"It's bad," admitted Peter T. Coleman, professor of psychology and education at Columbia University. "I mean, Jon Meacham, the historian, has compared today as being similar to where America was in the 1850s, right before the U.S. Civil War."

He said this has led to a situation where people avoid talking about politics.

"People are afraid to, because it's, you know — if you're at a dinner party, it can make that dinner party awkward really fast," said Thomas, a voter in Virginia. "Generally I think most people now err on the side of caution and don't really bring it up — if they don't have to."

"I try not to," acknowledged Lucy, another Virginia voter. "I have friends that I just say, you know, 'I think it's better if we talk about gardening.'"

"It feels like we've gotten to the point where we don't have an open, honest dialogue with each other without judging," said Don, a voter in New Jersey.

Voter at a polling station in the U.S. Source: ERR

Several years ago, Lee Rasch founded LeaderEthics Wisconsin, a nonprofit organization aimed at promoting ethical leadership among elected officials. He believes it is cynicism that is driving the division of American society.

"It's not just politics, because what's happening is, it's resulting in the breakdown of trust — trust in other citizens, trust in our institutions," Rasch said.

According to political analyst Joseph Heim, however, political parties take advantage of this divide in elections.

"Some of it has to do with the psychology of voting," Heim explained. "If you wanna rile up your base and get them out in support of your candidates, happiness is second to cynicism. And anger."

Ultimately, however, politicians may end up achieving the exact opposite this way.

'Tired of the politics'

Rohemäe ran into an older married couple at a football tailgating event in Lancaster, Pennsylvania, who said they may end up not voting at all on Tuesday, as they're sick of the candidates' mudslinging. They declined to comment in front of the camera, but their friend Gary added that the couple's decision to possibly skip voting isn't an isolated case.

"There is a lot of apathy," Gary explained. "People think, you know, it doesn't matter. I honestly — I sometimes get very tired of the politics of everything, the political slant of everything."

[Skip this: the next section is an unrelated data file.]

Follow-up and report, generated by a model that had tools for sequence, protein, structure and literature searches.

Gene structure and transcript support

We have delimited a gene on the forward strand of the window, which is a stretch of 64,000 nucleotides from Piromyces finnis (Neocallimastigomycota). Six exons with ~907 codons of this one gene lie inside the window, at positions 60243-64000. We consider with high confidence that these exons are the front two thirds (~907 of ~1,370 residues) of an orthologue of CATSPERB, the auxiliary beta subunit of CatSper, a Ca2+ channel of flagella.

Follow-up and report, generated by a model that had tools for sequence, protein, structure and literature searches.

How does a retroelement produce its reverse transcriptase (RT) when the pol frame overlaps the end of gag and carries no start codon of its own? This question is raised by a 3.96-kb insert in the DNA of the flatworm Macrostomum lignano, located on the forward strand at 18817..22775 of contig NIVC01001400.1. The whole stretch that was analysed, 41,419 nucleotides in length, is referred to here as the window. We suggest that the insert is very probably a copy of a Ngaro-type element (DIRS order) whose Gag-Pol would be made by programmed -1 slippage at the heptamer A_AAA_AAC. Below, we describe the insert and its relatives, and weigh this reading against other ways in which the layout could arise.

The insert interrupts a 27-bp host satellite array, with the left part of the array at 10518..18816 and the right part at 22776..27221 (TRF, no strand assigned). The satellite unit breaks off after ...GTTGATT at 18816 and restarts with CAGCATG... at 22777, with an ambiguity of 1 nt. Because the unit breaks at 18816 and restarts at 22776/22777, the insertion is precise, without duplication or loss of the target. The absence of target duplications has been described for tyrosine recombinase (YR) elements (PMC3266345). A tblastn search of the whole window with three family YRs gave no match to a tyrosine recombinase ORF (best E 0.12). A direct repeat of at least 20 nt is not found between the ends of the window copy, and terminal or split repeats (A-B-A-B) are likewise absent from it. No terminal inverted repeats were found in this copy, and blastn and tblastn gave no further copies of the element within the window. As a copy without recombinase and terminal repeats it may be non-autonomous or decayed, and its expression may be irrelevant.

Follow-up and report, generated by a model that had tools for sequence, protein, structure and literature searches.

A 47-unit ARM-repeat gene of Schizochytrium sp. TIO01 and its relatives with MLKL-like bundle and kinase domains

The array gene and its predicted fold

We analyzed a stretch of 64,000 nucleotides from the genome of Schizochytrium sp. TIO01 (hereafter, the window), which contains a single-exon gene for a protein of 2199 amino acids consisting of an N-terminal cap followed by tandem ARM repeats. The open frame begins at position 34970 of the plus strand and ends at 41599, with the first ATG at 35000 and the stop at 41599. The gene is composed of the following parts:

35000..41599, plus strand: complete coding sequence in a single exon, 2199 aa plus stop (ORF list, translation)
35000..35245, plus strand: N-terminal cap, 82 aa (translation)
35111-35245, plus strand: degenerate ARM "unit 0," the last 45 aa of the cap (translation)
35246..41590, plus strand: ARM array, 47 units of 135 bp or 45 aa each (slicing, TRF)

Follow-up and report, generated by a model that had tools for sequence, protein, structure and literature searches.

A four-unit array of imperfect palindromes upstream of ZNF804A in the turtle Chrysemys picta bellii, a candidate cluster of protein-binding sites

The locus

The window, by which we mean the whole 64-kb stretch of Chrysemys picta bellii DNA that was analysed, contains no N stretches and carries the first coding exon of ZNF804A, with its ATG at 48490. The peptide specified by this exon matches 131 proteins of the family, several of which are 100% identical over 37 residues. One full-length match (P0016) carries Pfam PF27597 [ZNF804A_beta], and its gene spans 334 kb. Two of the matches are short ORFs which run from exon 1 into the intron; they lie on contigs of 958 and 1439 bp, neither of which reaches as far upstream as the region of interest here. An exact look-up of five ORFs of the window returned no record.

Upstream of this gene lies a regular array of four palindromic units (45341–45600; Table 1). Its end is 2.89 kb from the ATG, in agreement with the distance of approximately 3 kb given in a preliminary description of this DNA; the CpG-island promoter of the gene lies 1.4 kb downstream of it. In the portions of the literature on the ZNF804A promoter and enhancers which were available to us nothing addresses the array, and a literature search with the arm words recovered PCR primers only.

"I'm really worried about the turnout," Lily said. "But I'm urging everyone I know to vote. I don't tell them how, but I ask them to vote, just so the people are represented."

"There's a lot of people who aren't happy with either side, because they feel like it's an extreme," Thomas said. "And most everybody doesn't sit in the extreme; they sit in the middle."

Americans seeking to bridge divide

According to a 2018 More in Common study, more than 90 percent of Americans are tired of the political divide dominating the country and want to figure out a way out.

Many Americans have opted to take part in programs aimed at bridging the gap and finding common ground between people with differing worldviews.

"There are 7,000 organizations and individuals that we have put on a map," said Nealin Parker, executive director of Search for Common Ground USA, a lecturer at Princeton University and an advisory council member of the university's Bridging Divides Initiative. "But if you're asking the question of how many people across the country are interested in participating, or organizations — that is just the tip of the iceberg."

"We at my center study deeply divided societies that at some point stop and pivot and choose to change course," Coleman highlighted.

The Columbia professor stressed that the political divide in the U.S. has grown in recent decades, but added that bringing people together is difficult, but not impossible. It just requires a will.


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Editor: Aili Vahtla